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AIFMD II: The Council of the European Union provides its view


The Council of the European Union has issued its general approach (General Approach) on the European Commission's proposals to amend the existing Alternative Investment Fund Managers Directive (AIFMD II). 

The General Approach takes the form of a revised version of the draft directive issued by the European Commission in November 2021 which proposed a number of changes to the Alternative Investment Fund Managers Directive (AIFMD), largely in respect of delegation, loan origination, liquidity risk management, data reporting and depositaries.  For more information on the European Commission's original proposals on AIFMD II, please see our November 2021 briefing.

This follows the report from the European Parliament on AIFMD II proposals (ECON Report) which we discussed in our May 2022 briefing.  Although many of the proposed amendments in the General Approach are similar to those set out by the European Parliament in the ECON Report, there are still some areas of divergence.  Therefore there is still scope for negotiation and further amendments as part of the trilogue process and an opportunity for industry associations and other industry participants to engage further in developing the final text.  In particular, given the developments in respect of European Long-Term Asset Funds, it is possible that there will be a push to include some ESG and sustainability requirements.  There is some speculation that this could be in the form of a "green AIF" (which would be a further development in the ever evolving EU financial sustainability landscape) or other innovations in the context of existing AIFMD requirements.   Whether this occurs remains to be seen and firms and industry associations will need to monitor the passage of AIFMD II through the EU institutions.

It seems likely that there will be some momentum from the current Czech presidency to proceed as quickly as possible but the process may not be completed by the end of the current presidency.  The deadline for comments from MEPs is 27 June 2022 and the European Parliament is likely to want to sign off on its proposals by the end of October which leaves little time for the trilogue process which may therefore slip into 2023.  This would point towards AIFMD II coming into force in 2025.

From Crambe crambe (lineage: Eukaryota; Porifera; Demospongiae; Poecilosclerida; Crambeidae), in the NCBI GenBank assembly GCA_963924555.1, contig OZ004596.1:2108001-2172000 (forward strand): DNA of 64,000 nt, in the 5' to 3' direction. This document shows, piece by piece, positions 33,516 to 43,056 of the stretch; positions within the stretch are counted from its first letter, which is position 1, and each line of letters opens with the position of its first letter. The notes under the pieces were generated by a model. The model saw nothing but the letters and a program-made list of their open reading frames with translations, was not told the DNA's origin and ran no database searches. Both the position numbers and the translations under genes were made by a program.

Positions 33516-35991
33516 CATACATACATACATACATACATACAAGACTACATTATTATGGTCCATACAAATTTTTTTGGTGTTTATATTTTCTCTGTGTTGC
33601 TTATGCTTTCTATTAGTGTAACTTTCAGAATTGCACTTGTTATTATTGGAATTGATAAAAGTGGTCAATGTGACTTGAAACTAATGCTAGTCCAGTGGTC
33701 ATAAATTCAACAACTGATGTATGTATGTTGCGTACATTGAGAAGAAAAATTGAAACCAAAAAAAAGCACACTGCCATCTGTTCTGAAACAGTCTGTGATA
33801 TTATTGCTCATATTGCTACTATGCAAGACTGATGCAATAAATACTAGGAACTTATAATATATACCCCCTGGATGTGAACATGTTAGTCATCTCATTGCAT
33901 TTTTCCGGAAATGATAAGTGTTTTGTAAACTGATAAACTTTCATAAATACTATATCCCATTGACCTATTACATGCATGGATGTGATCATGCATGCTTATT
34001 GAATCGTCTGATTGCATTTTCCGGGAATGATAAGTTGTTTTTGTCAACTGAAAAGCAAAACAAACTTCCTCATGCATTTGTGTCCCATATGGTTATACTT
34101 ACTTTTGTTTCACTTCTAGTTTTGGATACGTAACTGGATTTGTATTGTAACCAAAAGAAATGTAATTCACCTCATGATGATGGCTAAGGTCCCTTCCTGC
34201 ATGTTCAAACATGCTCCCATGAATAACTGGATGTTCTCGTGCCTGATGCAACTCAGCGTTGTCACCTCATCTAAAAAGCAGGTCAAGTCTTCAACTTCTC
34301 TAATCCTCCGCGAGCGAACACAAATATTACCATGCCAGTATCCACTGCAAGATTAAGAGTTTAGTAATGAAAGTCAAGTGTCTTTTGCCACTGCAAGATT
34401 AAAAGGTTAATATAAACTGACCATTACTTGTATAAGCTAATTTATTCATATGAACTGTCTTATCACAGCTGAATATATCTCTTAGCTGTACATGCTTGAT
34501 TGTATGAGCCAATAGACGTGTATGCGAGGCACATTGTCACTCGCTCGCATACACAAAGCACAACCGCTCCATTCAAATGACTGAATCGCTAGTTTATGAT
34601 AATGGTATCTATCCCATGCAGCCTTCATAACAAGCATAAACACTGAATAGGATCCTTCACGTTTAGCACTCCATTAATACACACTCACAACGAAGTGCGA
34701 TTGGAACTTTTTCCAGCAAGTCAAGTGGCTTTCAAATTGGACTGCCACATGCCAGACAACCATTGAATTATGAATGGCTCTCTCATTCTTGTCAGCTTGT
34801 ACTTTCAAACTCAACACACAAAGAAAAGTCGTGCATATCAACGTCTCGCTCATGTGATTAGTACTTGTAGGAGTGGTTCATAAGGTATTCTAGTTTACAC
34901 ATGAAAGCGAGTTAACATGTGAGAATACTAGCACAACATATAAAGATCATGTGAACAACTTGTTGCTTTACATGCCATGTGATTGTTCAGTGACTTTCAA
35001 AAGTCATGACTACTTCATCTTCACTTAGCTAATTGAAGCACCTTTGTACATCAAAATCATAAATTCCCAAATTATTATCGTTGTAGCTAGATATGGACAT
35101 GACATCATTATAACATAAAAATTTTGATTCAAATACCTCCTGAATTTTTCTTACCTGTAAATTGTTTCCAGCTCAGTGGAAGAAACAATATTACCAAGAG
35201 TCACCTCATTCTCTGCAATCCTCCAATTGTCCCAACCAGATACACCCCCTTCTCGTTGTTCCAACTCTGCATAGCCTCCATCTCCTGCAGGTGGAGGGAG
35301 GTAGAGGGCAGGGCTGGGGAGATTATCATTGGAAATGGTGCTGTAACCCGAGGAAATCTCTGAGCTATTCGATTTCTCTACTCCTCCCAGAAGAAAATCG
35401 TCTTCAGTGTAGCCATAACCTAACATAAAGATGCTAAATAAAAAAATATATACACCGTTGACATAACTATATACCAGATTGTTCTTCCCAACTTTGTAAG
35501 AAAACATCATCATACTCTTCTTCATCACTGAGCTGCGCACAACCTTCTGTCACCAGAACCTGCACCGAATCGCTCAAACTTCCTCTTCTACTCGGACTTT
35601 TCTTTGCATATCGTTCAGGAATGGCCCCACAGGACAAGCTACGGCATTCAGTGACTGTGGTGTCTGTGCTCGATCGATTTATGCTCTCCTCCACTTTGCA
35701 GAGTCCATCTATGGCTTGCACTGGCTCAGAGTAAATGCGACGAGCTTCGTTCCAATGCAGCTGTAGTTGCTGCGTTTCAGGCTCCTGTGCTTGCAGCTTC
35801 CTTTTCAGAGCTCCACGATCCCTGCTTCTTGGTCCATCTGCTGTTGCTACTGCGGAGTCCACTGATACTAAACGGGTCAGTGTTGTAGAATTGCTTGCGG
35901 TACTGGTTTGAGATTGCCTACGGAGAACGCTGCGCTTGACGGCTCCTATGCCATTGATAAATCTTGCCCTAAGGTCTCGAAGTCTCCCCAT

Some of the main changes proposed in the General Approach are discussed below.  Some of these changes are also applicable to the proposals in respect of the UCITS Directive.


Consistent with the ECON Report, the General Approach takes the position that delegation should be subject to additional reporting (with Annex IV reporting obligations extended accordingly) but not otherwise subject to substantive restrictions.  The General Approach is prescriptive on the information that would need to be provided.  This information includes the percentage of assets subject to delegation, but the draft helpfully clarifies that this should not in itself be regarded as an evidential indicator for determining the adequacy of substance or risk management, or the effectiveness of oversight or control arrangements, at the level of the AIFM.

The General Approach broadly reflects the proposals in the ECON Report that marketing carried on by distributors who are acting on their own behalf and not on behalf of the AIFM would not be considered a delegation and therefore would not be subject to the AIFMD II delegation requirements.  However, this goes further than the ECON Report and suggests that this would be the case irrespective of any distribution agreement between the AIFM and the relevant distributor(s).